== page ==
Actions taken by industrialized nations to lessen global warming by curtailing the use of fossil fuels gained momentum in June 2015.

The leaders of the G7 industrialized nations issued a communiqué calling for the phasing out of petroleum-based energy by the end of the century. Six months later, nearly 200 nations at the COP21 summit in Paris agreed to a goal of limiting global temperature increases to less than two degrees Celsius above pre-industrial levels and to reach net-zero greenhouse gas emissions in the second half of the century.

This deal appears to represent a collective commitment by nations large and small to move away from fossil fuel production and consumption. This anticipated outcome of the meeting did not deter the CEOs of 10 of the world’s largest O&G companies (BG Group, BP, Eni, Pemex, Reliance Industries, Repsol, Saudi Aramco, Shell, Statoil, and Total) from declaring their support for what became the COP21 targets a month before the Paris meeting.

Given the reality of diminished fossil fuel use in the future — and the gradual acceptance of that reality in the energy industry — a slew of questions immediately arise. Will upstream oil companies end up with stockpiles of “unburnable” petroleum reserves? If so, should they abandon all exploration activity? Will downstream refiners need to rejigger their configurations to accommodate more biofuels and emission abatement technologies? Will natural gas–focused companies be better positioned to manage the transition to a low-carbon economy? Let’s aim to answer a few of these questions.

1. Oil is necessary for our global energy supply.

Though there are many environmental agencies that are pushing sustainable energy, oil still accounts for a third of the energy usage throughout the entire world. Because of this, a lack of oil would significantly destabilize many countries. Though sustainable energy may be an option for the future, it is not currently available enough to be relied upon. A lack of oil would be disastrous throughout the globe. This is true not only because of the energy market but also because of local and global economies.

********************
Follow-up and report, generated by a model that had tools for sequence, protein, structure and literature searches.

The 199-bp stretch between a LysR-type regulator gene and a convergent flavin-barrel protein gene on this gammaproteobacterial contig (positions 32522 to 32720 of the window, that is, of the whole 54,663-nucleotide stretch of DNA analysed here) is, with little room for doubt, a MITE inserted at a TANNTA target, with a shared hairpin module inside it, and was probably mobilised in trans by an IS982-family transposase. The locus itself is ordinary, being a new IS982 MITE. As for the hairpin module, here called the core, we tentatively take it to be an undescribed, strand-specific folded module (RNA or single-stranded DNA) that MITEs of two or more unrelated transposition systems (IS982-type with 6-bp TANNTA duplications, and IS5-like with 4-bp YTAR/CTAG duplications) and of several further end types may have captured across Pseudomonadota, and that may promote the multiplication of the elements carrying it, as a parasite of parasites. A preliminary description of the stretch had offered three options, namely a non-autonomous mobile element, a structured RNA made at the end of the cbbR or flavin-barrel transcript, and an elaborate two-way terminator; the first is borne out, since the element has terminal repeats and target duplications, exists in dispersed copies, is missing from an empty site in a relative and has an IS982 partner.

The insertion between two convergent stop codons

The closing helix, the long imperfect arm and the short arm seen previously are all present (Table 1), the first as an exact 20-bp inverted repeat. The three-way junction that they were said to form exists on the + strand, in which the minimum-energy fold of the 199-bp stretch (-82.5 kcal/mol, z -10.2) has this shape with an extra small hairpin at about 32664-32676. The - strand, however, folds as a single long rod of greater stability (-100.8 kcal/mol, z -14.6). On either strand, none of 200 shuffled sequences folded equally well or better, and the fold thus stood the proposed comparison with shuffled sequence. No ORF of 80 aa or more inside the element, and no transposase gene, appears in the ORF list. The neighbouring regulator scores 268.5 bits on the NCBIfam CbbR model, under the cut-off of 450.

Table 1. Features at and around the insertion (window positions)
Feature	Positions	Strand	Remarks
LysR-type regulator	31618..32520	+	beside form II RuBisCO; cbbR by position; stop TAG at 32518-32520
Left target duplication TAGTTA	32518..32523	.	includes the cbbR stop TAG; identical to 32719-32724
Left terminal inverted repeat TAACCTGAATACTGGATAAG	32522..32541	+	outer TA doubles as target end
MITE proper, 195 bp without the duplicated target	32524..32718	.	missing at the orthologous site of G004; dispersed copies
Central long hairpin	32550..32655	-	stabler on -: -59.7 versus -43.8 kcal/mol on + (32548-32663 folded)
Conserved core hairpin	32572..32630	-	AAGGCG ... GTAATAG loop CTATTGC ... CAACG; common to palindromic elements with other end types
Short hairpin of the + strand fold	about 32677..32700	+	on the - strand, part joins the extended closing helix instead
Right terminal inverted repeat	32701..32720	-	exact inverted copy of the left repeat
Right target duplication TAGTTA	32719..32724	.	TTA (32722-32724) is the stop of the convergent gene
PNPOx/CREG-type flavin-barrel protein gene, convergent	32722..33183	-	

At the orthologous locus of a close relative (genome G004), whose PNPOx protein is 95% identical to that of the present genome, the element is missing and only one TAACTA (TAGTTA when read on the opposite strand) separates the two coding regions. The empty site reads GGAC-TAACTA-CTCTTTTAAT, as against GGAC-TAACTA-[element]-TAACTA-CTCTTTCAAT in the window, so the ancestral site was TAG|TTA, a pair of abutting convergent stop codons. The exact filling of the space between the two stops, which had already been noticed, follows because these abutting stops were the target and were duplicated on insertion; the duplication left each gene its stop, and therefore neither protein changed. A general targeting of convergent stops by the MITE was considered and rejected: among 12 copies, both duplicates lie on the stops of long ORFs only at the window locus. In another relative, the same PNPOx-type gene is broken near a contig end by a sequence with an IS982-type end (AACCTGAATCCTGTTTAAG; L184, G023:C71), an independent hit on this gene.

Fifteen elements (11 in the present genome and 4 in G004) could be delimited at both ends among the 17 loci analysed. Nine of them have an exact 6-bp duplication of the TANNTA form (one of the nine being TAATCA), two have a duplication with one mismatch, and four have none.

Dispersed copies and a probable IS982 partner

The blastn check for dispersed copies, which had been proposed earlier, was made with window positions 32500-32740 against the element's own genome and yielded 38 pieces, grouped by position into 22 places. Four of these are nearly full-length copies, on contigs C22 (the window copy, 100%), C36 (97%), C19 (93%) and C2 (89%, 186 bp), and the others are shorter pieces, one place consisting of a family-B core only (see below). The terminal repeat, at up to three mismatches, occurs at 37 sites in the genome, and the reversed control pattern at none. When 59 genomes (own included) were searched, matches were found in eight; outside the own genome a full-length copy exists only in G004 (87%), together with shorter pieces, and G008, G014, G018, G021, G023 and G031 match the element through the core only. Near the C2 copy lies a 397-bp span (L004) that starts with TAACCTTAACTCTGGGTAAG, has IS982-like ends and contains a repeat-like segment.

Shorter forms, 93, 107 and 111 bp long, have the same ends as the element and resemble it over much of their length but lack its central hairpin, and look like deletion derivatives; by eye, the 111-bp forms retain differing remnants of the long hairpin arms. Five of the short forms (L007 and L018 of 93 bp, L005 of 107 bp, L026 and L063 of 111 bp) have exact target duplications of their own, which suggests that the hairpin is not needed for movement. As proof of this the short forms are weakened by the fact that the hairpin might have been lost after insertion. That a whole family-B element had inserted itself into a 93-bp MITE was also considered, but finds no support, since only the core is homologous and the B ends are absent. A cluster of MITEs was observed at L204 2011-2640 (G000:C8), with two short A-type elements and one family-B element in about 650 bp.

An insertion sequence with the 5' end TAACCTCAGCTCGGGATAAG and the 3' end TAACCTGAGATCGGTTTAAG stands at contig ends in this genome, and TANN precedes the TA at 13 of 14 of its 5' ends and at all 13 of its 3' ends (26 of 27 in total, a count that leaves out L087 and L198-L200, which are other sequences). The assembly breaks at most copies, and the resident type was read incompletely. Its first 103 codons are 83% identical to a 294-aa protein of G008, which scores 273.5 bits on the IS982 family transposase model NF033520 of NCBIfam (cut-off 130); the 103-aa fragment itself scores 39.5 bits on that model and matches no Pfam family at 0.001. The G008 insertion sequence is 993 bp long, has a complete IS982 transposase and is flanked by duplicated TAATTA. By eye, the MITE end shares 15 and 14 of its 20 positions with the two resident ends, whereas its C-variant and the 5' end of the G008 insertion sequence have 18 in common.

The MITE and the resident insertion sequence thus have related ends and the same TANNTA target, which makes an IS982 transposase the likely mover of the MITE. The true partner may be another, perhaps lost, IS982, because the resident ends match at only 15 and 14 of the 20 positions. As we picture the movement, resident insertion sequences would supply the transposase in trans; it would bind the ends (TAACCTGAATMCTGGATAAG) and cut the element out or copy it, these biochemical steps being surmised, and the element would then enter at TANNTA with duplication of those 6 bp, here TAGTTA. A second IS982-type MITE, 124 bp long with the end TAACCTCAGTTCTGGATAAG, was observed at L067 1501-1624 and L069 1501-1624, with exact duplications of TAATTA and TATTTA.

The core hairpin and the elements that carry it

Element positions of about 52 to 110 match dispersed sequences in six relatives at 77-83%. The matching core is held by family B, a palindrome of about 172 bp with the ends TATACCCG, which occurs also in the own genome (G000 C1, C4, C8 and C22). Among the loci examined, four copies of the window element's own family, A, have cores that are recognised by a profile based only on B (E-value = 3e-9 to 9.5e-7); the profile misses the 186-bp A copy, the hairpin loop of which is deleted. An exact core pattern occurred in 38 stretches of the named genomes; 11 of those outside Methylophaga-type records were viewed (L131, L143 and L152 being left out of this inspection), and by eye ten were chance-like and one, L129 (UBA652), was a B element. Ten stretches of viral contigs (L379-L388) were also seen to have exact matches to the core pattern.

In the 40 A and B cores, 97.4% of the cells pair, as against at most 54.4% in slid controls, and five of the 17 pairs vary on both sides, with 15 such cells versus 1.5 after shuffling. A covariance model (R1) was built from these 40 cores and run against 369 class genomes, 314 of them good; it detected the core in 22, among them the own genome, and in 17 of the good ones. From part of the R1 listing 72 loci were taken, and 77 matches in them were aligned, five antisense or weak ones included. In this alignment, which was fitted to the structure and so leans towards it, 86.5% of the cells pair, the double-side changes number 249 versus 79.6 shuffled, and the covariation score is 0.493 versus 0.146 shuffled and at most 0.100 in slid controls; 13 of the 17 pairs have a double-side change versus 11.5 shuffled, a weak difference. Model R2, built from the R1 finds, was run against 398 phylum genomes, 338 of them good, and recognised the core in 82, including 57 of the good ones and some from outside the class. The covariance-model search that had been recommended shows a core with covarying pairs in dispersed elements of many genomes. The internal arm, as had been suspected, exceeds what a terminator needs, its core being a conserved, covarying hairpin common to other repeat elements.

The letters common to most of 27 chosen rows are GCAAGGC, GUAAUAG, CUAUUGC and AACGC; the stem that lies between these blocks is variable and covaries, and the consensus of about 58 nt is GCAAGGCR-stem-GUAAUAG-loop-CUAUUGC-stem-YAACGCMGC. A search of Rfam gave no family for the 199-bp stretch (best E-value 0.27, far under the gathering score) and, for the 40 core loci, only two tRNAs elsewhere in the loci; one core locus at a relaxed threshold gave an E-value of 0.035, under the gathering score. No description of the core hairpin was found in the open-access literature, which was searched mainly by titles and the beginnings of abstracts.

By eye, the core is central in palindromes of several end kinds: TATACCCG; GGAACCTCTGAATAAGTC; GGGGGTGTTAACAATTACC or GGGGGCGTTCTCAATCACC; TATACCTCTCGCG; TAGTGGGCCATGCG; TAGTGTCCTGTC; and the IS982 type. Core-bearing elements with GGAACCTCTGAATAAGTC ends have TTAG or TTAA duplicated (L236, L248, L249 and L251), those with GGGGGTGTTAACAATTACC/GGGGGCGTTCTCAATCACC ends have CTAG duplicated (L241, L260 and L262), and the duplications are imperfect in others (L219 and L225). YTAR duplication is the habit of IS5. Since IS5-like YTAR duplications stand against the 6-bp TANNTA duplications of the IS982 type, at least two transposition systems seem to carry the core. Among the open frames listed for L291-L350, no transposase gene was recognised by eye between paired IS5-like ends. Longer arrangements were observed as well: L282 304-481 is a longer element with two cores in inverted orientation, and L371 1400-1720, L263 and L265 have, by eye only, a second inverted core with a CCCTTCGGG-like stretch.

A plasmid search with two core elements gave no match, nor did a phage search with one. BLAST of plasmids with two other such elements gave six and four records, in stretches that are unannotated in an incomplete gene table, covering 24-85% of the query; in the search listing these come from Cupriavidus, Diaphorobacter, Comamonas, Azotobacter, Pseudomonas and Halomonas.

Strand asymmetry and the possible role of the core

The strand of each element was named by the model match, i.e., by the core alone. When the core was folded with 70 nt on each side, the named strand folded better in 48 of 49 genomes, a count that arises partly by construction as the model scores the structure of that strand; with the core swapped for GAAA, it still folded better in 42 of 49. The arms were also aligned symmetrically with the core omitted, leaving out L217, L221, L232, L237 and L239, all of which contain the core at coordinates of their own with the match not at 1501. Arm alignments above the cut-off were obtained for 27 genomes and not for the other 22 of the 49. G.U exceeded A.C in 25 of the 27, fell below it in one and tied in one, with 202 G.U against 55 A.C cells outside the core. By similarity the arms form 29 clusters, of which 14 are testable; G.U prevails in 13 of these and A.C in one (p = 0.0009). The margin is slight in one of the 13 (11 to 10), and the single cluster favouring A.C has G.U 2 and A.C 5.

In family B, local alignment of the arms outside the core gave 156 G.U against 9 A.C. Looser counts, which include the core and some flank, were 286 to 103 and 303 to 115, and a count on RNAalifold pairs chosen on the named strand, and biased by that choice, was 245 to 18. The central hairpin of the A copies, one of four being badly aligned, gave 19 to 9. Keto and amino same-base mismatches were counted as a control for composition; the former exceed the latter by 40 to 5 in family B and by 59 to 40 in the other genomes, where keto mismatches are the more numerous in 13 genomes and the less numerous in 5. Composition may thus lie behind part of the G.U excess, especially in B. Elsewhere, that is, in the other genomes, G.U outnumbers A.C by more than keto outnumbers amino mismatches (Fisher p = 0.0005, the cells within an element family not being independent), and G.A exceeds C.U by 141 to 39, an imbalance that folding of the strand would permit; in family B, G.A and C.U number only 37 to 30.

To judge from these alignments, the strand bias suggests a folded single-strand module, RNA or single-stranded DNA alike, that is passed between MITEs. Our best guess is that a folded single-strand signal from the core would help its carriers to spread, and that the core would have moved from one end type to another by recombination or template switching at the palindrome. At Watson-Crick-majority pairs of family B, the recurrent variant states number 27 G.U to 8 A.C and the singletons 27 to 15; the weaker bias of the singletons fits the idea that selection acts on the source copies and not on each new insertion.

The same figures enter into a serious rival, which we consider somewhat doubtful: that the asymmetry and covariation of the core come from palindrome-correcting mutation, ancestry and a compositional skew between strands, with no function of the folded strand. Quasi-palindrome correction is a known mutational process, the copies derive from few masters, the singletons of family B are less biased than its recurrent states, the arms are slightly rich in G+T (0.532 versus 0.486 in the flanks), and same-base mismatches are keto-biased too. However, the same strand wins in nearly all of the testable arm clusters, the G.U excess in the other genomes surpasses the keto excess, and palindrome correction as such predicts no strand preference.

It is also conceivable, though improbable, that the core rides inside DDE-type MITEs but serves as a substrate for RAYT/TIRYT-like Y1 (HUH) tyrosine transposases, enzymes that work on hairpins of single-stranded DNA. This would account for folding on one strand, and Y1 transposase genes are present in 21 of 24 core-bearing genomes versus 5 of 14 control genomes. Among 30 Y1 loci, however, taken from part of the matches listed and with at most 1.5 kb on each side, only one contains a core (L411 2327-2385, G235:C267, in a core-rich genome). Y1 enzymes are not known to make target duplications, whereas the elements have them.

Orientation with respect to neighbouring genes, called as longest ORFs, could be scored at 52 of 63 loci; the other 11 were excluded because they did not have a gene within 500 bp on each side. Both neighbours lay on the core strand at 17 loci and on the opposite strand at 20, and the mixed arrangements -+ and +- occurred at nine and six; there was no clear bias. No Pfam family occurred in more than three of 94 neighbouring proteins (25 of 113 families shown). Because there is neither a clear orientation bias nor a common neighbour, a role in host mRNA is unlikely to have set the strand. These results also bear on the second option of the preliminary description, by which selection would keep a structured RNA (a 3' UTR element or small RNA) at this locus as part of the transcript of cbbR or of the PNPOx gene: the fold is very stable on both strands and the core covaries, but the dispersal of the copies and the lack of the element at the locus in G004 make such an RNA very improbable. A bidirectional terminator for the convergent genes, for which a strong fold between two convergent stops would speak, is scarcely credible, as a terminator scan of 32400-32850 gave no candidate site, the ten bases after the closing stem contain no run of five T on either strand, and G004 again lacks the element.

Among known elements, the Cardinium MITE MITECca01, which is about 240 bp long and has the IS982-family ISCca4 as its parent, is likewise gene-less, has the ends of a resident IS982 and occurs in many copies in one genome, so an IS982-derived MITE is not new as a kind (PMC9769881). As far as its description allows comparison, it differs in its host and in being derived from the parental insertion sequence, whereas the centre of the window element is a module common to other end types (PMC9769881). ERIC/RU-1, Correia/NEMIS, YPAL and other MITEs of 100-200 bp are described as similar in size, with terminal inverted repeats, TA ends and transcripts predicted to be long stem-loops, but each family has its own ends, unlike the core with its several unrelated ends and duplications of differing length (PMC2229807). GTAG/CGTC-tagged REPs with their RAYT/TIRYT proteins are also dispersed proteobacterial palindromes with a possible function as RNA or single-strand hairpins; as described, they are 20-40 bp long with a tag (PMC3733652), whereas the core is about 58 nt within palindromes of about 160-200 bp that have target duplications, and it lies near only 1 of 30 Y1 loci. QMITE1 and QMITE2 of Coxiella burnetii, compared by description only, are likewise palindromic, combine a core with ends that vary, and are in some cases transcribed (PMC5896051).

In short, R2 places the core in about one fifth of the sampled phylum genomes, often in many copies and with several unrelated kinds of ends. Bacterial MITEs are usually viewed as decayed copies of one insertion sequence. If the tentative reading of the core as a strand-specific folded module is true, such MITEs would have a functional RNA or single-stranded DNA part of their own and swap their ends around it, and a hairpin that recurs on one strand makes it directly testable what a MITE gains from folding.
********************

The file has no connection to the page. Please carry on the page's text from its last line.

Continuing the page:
2. OPEC still controls much of the oil supply and cost.

Oil and natural gas is as much political as it is economic. OPEC is a conglomerate of oil producing countries which have traditionally controlled the oil market, thereby “fixing” the price and controlling other national economies.

The United States is presently fighting against OPEC in order to achieve full energy independence and to reduce reliance upon foreign oil. Without the domestic oil market, OPEC would be free to control a much greater share of the entire world’s energy. As noted, oil is necessary for our global energy supply. Without domestic sources of oil, OPEC becomes incredibly dangerous.

3. Oil production reduces gasoline costs.

This is more important than it might at first seem. Traditionally, reduced gasoline costs are directly related to improved economies. The cheaper gasoline is, the cheaper everything is; shipping, travel, and transportation all become far more affordable. Because of this, we can see that as the oil and gas market builds, local economies and the national economy also recover. If oil production wanes (and prices increase), we may likewise see a slowdown in the economy.

4. Oil is an incredibly efficient energy source.

The problem with renewable energy isn’t just about volume, it’s also about power. Solar energy is much weaker than oil power. Even advances within solar technology have not been able to make it a viable contender. Because of this, many companies are now focusing on improving upon their uses of oil and natural gas, rather than trying to eliminate them entirely. Switching to alternative methods of power such as solar and wind power simply is not feasible for the majority of the world.

5. Oil availability is constantly growing.

Oil has long been known as a non-renewable resource, but that doesn’t mean that the supply is dwindling. On the contrary, the availability and supply of oil has been steadily growing. Methods such as hydraulic fracturing have made supplies of oil that were previously unable to be claimed available to be produced. Moreover, advances in technology have made it easier to claim oil from previously depleted wells. Because of this, the actual amount of oil we are able to produce and use is increasing rather than decreasing.

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